Factors Impacting Product Design  Must Design for Manufacturing – DFM Guidelines to produce a product easily and profitably   Simplification Minimize parts Standardization   Design parts for multiply applications   Use modular design Simplify operations © 2010 Wiley 14 .

Factors In Product Life Cycle   Product life cycle – series of changing product demand Consider product life cycle stages     Introduction Growth Maturity Decline  Facility & process investment depends on life cycle © 2010 Wiley 15 .

Concurrent Engineering Old “over-the-wall” sequential design process should not be used  Each function did its work and passed it to the next function Replace with a Concurrent Engineering process  All functions form a design team that develops specifications. solves potential problems. involves customers early. & shortens time to market © 2010 Wiley 16 . reduces costs.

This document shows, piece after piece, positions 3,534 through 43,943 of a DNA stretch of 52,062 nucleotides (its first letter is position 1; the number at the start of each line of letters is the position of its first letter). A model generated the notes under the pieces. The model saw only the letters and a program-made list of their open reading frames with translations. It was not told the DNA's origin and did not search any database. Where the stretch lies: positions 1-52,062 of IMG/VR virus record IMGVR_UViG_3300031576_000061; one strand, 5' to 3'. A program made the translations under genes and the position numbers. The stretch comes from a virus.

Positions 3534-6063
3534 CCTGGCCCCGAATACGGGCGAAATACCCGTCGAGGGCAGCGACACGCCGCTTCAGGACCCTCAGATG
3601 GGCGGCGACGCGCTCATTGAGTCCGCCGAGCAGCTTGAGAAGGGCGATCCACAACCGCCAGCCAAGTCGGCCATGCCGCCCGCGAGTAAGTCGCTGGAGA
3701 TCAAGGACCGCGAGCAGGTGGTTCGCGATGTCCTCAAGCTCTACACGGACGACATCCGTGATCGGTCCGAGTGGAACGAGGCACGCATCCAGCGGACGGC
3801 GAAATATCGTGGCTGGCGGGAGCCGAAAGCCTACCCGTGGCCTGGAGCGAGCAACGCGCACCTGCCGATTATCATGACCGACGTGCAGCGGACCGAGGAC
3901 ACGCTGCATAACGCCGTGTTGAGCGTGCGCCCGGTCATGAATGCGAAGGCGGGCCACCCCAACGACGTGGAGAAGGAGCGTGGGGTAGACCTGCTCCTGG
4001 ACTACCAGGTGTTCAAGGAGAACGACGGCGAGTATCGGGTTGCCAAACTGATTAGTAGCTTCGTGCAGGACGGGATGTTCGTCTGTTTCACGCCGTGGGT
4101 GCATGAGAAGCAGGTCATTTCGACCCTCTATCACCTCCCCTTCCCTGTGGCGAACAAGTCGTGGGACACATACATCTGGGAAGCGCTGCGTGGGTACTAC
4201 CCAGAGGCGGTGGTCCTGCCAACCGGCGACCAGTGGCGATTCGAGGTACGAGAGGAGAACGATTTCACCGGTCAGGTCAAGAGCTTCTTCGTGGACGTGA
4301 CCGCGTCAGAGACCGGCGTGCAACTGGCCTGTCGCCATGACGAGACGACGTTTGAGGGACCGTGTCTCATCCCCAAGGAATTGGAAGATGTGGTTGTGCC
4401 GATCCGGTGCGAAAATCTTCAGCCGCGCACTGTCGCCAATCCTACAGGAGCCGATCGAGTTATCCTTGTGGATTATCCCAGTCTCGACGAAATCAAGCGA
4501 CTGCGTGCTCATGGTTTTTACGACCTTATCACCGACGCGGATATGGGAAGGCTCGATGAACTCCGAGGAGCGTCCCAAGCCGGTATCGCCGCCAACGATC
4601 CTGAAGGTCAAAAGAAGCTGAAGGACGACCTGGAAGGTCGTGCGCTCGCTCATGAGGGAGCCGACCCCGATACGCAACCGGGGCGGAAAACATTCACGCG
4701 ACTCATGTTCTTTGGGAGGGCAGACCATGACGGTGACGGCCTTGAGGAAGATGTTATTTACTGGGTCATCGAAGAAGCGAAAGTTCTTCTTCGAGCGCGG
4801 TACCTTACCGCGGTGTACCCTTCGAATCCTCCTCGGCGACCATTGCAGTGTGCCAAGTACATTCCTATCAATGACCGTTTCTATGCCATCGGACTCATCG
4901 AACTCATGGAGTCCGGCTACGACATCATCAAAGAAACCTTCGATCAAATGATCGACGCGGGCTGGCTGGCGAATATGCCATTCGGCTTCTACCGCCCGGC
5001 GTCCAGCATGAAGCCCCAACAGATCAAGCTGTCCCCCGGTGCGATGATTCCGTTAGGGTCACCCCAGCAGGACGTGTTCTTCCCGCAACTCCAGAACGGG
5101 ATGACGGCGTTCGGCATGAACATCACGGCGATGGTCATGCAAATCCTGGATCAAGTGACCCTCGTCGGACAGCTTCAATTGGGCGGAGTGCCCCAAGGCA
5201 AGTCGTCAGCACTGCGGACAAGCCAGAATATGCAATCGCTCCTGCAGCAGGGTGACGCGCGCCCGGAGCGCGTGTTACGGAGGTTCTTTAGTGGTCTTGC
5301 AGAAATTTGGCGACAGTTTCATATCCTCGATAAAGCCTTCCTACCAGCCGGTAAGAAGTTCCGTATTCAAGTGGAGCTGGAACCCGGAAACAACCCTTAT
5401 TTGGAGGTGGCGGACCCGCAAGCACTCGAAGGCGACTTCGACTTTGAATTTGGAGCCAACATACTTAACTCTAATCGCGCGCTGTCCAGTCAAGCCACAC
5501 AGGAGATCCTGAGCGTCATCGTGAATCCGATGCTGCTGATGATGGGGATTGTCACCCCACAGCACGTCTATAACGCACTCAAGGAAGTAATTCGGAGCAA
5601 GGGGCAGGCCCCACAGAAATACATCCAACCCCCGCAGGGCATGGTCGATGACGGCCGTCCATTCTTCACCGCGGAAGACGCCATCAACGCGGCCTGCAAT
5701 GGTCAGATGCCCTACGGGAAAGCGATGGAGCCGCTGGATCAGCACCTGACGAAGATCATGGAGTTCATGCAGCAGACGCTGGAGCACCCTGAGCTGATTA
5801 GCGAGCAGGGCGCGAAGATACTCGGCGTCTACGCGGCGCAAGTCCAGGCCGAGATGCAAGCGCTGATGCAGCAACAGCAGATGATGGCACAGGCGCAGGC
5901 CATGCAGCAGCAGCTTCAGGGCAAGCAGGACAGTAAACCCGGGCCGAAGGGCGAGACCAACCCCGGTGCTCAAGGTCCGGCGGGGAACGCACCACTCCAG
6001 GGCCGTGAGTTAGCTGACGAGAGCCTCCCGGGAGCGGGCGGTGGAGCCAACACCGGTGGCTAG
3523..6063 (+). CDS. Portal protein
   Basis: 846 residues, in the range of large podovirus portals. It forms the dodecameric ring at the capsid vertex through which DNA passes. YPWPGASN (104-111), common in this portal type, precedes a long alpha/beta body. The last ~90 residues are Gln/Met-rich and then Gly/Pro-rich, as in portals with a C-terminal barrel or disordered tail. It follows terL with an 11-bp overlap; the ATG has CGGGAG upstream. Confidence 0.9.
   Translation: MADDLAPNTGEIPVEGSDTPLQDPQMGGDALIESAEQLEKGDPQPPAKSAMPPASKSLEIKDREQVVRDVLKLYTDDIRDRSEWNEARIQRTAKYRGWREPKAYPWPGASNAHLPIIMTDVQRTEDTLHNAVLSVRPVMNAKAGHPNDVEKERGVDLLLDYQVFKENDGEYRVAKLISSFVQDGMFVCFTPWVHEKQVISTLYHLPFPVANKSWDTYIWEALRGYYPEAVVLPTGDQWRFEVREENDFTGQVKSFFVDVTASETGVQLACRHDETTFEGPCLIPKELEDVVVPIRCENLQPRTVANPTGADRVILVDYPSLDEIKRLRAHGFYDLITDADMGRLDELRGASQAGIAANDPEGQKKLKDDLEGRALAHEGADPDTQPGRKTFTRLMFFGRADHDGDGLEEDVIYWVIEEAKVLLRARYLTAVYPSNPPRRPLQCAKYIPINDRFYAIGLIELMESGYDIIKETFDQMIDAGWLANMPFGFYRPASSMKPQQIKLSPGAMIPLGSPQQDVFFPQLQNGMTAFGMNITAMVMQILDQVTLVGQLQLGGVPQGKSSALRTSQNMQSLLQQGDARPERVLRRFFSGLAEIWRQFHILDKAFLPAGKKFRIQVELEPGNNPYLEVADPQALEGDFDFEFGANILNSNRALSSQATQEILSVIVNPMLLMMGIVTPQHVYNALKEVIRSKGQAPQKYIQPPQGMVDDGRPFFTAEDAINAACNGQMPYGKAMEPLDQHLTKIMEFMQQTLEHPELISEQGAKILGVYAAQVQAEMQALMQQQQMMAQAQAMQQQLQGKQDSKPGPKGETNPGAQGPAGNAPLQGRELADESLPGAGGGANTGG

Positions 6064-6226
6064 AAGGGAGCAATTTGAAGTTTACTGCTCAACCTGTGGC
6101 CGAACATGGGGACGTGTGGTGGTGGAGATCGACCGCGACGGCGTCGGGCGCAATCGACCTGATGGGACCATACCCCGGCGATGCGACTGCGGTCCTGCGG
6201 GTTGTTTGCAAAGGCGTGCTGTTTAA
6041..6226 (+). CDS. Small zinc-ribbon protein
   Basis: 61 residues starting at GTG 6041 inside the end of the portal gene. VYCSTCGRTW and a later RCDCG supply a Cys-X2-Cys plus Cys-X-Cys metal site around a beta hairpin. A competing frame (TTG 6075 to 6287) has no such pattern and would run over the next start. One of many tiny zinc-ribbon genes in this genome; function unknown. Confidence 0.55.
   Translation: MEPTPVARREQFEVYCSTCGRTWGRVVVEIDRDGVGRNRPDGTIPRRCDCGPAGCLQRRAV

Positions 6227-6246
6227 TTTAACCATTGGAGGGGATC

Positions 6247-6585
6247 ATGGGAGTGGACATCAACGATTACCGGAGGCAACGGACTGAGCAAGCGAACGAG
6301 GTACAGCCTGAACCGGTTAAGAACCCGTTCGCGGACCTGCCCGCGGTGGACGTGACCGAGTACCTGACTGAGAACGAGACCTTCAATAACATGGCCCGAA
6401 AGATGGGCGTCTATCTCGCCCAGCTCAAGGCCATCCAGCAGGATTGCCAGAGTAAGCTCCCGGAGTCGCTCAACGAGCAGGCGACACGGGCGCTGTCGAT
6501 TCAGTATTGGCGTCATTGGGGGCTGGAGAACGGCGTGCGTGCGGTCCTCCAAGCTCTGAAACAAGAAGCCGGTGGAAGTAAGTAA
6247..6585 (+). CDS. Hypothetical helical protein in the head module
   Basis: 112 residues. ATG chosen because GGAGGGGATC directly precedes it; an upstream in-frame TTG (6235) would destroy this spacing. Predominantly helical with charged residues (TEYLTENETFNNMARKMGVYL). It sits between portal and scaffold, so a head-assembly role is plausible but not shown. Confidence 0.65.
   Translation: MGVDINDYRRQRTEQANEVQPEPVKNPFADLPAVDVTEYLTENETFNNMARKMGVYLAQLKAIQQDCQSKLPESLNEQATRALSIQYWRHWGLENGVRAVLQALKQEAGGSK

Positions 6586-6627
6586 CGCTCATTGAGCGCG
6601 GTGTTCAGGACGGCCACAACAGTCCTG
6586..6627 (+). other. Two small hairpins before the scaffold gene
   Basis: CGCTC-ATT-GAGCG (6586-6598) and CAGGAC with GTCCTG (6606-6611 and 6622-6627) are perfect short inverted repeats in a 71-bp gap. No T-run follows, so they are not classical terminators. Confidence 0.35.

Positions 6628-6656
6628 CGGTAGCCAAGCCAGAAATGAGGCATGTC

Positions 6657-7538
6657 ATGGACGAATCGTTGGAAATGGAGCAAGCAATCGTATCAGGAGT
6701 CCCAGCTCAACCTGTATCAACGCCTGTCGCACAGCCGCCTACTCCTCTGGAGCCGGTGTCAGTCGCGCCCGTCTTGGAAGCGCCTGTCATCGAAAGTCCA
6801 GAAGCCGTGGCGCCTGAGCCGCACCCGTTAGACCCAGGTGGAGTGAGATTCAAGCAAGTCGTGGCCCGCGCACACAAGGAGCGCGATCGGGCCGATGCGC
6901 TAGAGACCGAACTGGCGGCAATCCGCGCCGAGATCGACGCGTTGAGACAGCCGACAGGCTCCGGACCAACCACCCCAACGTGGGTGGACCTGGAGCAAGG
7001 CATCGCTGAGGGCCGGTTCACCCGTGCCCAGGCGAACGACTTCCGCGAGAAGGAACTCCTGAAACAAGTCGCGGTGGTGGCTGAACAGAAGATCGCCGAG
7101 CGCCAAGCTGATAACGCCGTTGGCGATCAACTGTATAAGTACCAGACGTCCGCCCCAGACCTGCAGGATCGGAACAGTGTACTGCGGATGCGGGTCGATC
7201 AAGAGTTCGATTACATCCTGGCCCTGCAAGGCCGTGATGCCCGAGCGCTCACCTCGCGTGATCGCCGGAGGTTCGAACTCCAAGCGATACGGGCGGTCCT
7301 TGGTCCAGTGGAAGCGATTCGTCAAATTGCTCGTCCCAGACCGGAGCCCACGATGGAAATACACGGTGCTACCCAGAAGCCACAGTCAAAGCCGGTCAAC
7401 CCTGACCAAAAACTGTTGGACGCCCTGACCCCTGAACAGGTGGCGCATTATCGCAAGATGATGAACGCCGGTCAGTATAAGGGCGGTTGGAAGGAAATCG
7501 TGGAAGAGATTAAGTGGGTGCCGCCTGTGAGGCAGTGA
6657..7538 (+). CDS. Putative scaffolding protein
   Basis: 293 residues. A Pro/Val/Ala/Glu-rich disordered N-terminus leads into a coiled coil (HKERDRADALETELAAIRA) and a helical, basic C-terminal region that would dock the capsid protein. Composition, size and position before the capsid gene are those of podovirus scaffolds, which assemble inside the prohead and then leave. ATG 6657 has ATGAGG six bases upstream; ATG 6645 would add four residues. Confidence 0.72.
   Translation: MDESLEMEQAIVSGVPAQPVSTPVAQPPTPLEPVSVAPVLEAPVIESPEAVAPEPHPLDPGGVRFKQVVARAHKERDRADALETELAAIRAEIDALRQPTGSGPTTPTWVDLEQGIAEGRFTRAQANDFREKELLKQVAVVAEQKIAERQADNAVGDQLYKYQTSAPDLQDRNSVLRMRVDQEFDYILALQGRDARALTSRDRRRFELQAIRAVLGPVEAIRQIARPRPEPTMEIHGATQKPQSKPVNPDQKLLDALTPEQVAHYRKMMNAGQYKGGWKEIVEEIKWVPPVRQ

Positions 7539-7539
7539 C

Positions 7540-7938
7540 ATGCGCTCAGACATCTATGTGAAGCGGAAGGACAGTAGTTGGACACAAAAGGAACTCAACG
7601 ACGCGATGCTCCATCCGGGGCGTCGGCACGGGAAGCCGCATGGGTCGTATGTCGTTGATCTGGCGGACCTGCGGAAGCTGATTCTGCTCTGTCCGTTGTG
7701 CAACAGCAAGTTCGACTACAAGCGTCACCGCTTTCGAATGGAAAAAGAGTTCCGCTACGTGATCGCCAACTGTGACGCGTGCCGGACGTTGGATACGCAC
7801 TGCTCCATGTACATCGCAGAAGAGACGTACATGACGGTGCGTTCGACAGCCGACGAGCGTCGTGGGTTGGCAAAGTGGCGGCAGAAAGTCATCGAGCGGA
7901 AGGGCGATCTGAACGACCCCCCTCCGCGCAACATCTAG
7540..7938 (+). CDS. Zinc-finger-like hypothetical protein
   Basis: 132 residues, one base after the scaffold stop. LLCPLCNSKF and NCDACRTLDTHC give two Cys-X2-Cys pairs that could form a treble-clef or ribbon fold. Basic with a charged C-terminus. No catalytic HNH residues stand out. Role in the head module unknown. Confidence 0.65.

Remanufacturing Uses components of old products in the production of new ones and has:   Environmental benefits Cost benefits Computers. automobiles Good for:  © 2010 Wiley 17 . televisions.

(such as a cafeteria.Types of Processes  Intermittent processes:  Processes used to produce a variety of products with different processing requirements in lower volumes. (such as healthcare facility) Processes used to produce one or a few standardized products in high volume. or car wash) © 2010 Wiley 18  Repetitive processes:  .

and the degree of product standardization.Process Selection   Product design considerations must include the process Differences between Intermittent & Repetitive Ops: (1) (2) the amount of product volume produced. © 2010 Wiley 19 .

Intermittent and Repetitive Operations © 2010 Wiley 20 .

Process Selection Types  Process types can be:      Process types exist on a continuum © 2010 Wiley Project process – make a one-at-a-time product exactly to customer specifications Batch process – small quantities of product in groups or batches based on customer orders or specifications Line process – large quantities of a standard product Continuous process – very high volumes of a fully standard product 21 .

Underlying Process Relationship Between Volume and Standardization Continuum © 2010 Wiley 22 .